On the other hand, we don't simply encourage a "stiff upper lip". We reminded our kids yesterday that no one issues "Christian credentials." There is no agreed-upon litmus test. While some evangelicals insist that Catholics aren't Christians, and others refuse to acknowledge Mormons as our brothers and sisters in Christ, most sensible believers choose to see all who follow Jesus as authentic Christians. While part of being Christian is certainly holding the person of Jesus Christ as central in one's faith, it is absurd to suggest that only those who believe in biblical inerrancy, for example, are actual Christians. "Being a Christian is about being willing to be on a journey with Jesus", I said, "even if you aren't quite sure who exactly Jesus is and even if you are very unsure of where it is you are going."

    Mind you, I think there are limits to who gets to call themselves a "Christian." My mother regularly told my grandmother she wasn't a Christian. My grandmother had been an atheist since she was a student at Berkeley in the 1920s; she read Lucretius (De Rerum Natura), and that did it for her. She rejected the whole idea of a loving God who took an interest in human affairs. Yet she insisted on calling herself a Christian because in her childhood, to be "Christian" was simply to be kind and good. It wasn't a theological statement to her -- it was a statement about how one behaved towards one's fellow citizens. "Doing the Christian thing" referred to taking an active interest in the well-being of others, and had damn all to do with a belief in Jesus. To the end of her life, she was both "atheist and Christian".

    While I adored my grandmother, I think she was outside the realm of what a Christian is. A specific belief about the inerrancy of Scripture or sexual morality is not a prerequisite for calling oneself a Christian, a recognition that the person of Jesus of Nazareth is central to one's faith does seem to be essential to using the term accurately. As a youth leader and confirmation teacher, I want to bring my kids closer to Jesus. I want them to love Him not merely as a great role model for righteous praxis but as the greatest of friends, the best of brothers, the most intimate of lovers. That is how I know Him, and that sweet, intimate, spiritually erotic relationship is the most exciting and enriching of my life.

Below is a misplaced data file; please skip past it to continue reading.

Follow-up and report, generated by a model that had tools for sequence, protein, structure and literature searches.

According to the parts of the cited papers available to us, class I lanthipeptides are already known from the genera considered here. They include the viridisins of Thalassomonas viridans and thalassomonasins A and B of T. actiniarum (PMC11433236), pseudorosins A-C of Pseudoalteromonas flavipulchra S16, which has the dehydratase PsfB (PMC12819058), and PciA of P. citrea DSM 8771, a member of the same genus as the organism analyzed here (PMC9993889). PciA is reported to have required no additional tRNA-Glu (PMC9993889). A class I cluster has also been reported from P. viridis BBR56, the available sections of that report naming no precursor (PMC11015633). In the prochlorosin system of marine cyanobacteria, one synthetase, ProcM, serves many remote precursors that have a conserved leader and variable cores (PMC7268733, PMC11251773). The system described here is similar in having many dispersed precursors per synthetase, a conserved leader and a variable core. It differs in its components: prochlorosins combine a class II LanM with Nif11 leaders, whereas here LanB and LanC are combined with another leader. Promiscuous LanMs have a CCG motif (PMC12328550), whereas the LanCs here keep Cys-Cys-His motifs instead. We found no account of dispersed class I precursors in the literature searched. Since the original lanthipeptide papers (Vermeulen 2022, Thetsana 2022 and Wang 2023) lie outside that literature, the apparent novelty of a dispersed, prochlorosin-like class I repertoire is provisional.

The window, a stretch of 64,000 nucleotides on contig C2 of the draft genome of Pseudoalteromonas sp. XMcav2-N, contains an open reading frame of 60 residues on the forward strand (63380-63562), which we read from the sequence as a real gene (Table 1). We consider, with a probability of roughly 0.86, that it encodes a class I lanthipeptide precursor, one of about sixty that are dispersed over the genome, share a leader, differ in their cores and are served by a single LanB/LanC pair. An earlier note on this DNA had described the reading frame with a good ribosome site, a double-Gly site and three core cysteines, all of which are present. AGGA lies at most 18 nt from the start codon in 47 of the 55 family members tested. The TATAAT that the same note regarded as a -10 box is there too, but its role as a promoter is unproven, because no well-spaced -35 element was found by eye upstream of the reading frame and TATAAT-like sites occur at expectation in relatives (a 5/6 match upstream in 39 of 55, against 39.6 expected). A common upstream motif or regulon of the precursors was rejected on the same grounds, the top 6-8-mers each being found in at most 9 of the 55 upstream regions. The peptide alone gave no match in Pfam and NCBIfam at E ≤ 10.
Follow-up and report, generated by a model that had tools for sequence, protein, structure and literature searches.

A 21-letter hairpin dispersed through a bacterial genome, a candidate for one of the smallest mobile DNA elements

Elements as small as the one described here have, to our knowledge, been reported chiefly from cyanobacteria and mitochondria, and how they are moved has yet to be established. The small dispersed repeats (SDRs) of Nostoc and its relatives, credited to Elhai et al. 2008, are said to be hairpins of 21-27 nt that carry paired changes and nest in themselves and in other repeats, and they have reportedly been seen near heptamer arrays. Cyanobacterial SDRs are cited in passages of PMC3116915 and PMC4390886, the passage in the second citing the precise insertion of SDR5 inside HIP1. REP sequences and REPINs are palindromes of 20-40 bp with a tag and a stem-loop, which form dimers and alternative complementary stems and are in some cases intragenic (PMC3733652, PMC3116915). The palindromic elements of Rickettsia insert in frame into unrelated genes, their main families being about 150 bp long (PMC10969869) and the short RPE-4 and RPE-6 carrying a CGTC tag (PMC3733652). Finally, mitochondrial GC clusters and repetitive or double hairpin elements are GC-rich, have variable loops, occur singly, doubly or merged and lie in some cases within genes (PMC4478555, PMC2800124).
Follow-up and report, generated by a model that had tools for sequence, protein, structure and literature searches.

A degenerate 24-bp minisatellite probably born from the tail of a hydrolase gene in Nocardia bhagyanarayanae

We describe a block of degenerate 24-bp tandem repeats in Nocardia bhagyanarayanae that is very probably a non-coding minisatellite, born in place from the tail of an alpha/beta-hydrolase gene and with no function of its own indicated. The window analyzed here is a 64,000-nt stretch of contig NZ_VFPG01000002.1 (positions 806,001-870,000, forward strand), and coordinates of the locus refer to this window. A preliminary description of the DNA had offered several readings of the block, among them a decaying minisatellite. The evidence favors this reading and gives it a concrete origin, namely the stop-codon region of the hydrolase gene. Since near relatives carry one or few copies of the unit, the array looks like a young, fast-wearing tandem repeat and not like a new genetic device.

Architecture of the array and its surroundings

But whatever relationship this year's confirmation crop chooses to develop with Christ, I want them to know that their right to call themselves Christians, their "claiming of the name", is not contingent on any one particular worldview; any one particular political allegiance; any one understanding of how, when, where, and with whom it is good and right to be sexual. And this year, our confirmands will learn that no narrow-minded classmate or friend can rob them of the right to embrace the Holy Name.

    Fairy-Winged Pledges Raped by Frat 'Big Brothers'

    Fairy-Winged Pledges Raped by Frat 'Big Brothers'?

    By Walter Armstrong

    Florida frat boys say they were just being "Big Brothers," but local cops call it a possible case of male-on-male rape.
    Responding last week to "loud aggressive screaming and moaning" from the Sigma Alpha Epsilon (SAE) fraternity on the campus of the University of Central Florida, Orlando police reported finding seven or eight men crawling on their hands and knees and wearing bras, fairy wings, and other bizarre getups.

    Three of the young men were so drunk that they had to be hospitalized. One, in a rainbow-colored wig and a diaper, was found sobbing on the floor, and another—wearing a blond wing, pink tank top, and women's panties—was puking. A third, who was wearing pink fairy wings, could not walk (or fly, for that matter).

    College hazing is a crime in Florida. That may be one reason that SAE members say the party was a Big Brother event, during which "a fraternity member hangs out with a pledge assigned to him," according to Central Florida News.

    But neither the police nor the university is buying it. "The university is looking into three possible concerns: misuse of alcohol, possible hazing, and possible disorderly conduct," spokeswoman Linda Gray said.